In his role as the No. 2 U.S. diplomat, he also helped to win ratification of the Panama Canal treaties, which pledged to return control of the waterway to Panama by 2000.
After the Carter presidency, Christopher served as chairman of O’Melveny & Myers from 1982 to 1992, when he was named co- chairman of the vice presidential search committee for Bill Clinton, the Arkansas governor who had clinched the Democratic presidential nomination. That search culminated in the selection of Gore, a senator from Tennessee.
Christopher went on to lead Clinton’s presidential transition team and was named the 63rd U.S. secretary of state. He told the Senate Foreign Relations Committee that his goal was to define “a strategy for U.S. leadership after the Cold War.”
During Christopher’s tenure, from January 1993 to January 1997, the Clinton administration mobilized international economic support for Russia and the Ukraine, pressured China to improve its human-rights record and promoted NATO’s Partnership for Peace program, which aimed to add new members to the alliance without alienating Russia. The administration also helped restore Haitian President Jean-Bertrand Aristide to power in 1994 after an earlier coup.
Christopher won the trust of Israeli Prime Minister Yitzhak Rabin, who in August 1993 called him during his vacation in California to notify him of a breakthrough in peace talks with the Palestinians in Oslo, Norway.
Less than a month later, on Sept. 13, Christopher oversaw the signing of the Oslo accords between Rabin and Palestine Liberation Organization Chairman Yasser Arafat in Washington. The treaty, under which the PLO recognized the state of Israel and Israel acknowledged the PLO as the government of the Palestinian people, established a framework for achieving a lasting peace between the two sides.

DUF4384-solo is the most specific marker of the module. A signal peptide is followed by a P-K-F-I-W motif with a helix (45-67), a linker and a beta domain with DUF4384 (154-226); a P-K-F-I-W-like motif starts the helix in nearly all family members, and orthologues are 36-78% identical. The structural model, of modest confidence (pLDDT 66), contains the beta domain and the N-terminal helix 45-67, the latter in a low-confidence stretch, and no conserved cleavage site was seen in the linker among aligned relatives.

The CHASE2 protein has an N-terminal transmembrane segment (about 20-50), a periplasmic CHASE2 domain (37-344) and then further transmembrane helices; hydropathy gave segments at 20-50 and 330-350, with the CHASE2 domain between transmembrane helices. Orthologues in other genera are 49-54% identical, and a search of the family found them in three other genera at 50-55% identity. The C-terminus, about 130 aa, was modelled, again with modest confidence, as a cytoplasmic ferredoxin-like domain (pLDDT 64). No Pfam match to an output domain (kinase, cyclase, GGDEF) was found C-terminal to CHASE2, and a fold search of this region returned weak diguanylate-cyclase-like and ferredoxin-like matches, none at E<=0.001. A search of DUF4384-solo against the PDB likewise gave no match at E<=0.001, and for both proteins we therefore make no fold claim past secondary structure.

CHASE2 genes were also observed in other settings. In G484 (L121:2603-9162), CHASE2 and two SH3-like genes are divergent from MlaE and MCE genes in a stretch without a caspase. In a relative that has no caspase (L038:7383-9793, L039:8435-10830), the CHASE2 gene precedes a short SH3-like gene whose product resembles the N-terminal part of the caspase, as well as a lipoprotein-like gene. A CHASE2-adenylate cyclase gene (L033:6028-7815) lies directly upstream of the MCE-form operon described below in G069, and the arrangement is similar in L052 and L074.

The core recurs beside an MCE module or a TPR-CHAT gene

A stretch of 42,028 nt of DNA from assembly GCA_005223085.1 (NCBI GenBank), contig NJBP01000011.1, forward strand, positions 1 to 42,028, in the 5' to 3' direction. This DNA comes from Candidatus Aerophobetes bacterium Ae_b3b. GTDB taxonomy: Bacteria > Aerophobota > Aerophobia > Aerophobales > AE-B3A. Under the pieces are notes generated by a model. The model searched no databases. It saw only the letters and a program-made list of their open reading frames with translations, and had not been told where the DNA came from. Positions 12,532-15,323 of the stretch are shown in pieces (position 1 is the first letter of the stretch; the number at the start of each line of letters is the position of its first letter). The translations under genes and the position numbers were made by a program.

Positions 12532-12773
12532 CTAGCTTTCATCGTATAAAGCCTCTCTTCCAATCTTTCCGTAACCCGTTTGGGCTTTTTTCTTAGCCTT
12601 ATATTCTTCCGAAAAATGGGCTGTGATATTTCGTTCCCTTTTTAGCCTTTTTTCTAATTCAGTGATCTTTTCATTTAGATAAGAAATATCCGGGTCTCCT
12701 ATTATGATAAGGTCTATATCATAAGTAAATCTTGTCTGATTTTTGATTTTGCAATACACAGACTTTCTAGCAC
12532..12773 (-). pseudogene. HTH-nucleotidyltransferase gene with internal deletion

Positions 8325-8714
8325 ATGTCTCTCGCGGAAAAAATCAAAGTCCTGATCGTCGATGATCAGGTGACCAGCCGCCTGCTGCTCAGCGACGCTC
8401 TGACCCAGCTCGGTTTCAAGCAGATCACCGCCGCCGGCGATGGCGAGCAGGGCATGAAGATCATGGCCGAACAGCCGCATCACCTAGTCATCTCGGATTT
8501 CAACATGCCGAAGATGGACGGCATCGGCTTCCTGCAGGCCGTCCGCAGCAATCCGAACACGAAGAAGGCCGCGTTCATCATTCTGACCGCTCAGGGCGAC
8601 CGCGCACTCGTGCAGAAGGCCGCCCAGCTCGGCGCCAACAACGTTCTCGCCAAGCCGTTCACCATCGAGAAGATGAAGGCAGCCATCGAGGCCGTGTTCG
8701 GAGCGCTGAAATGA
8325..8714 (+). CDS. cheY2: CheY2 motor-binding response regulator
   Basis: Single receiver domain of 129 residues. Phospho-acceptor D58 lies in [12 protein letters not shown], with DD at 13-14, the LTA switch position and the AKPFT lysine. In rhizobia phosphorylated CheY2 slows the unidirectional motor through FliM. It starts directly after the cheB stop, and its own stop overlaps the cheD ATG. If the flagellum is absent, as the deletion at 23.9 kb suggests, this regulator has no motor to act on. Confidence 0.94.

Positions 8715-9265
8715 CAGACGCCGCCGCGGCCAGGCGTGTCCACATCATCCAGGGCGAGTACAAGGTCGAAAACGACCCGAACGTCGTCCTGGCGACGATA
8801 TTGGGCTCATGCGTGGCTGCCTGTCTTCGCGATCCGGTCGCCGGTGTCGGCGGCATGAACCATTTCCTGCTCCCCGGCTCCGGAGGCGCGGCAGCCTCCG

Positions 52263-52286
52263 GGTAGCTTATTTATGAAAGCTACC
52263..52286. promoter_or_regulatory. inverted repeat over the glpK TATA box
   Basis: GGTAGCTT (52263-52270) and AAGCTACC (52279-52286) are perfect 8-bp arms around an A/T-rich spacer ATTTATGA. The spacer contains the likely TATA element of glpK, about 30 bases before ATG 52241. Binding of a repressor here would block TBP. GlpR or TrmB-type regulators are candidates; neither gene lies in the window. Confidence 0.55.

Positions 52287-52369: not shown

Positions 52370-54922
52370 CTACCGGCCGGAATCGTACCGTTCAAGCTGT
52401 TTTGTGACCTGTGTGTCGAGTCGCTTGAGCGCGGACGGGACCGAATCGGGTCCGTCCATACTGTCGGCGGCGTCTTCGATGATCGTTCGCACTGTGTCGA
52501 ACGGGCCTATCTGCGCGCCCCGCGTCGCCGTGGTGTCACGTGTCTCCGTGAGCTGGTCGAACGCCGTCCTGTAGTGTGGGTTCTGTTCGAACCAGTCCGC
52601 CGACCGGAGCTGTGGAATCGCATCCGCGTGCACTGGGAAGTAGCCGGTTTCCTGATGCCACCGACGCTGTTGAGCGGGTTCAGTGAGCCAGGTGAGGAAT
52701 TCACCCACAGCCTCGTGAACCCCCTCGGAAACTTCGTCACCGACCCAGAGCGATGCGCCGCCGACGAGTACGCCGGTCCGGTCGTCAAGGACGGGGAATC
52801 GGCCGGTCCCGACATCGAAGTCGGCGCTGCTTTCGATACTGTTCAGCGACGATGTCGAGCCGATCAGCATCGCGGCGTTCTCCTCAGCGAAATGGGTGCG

Dignified and slow to anger, Christopher could also be quick to call a foreign leader’s bluff.
In his memoir, he criticized Syria’s Hafez al-Assad as having missed an opportunity to make progress toward a Syrian- Israeli peace before Rabin’s 1995 assassination because Assad was “immobilized by his ingrained mistrust of Israel.” He also described the late Serbian President Slobodan Milosevic as a “wily tactician but dreadful strategist” who came to power by “playing to Serbian nationalism.”
For Clinton’s second term, Christopher was succeeded by Madeleine Albright, the first female U.S. secretary of state.
Silence and Confidence
Known for his quiet demeanor, Christopher described the importance of being a good listener in his 2001 memoir, “Chances of a Lifetime.”
“Silence, once associated with discretion, begets confidence as well as confidences,” he wrote. “I learned that people also tend to read wisdom from silence -- even when silence means only that you know nothing about what they are talking about.”
He called his time serving in the Clinton administration “the greatest four years of my life.”
“I think we succeeded in doing some positive things. I think perhaps we left the country a little better than we found it,” Christopher told Rose in 2001.
He said world diplomacy played a role in the U.S. economic successes under Clinton, a president who “really brought an economic dimension to foreign policy in a way that nobody else has.”
Christopher is survived by his wife, Marie, four children and five grandchildren.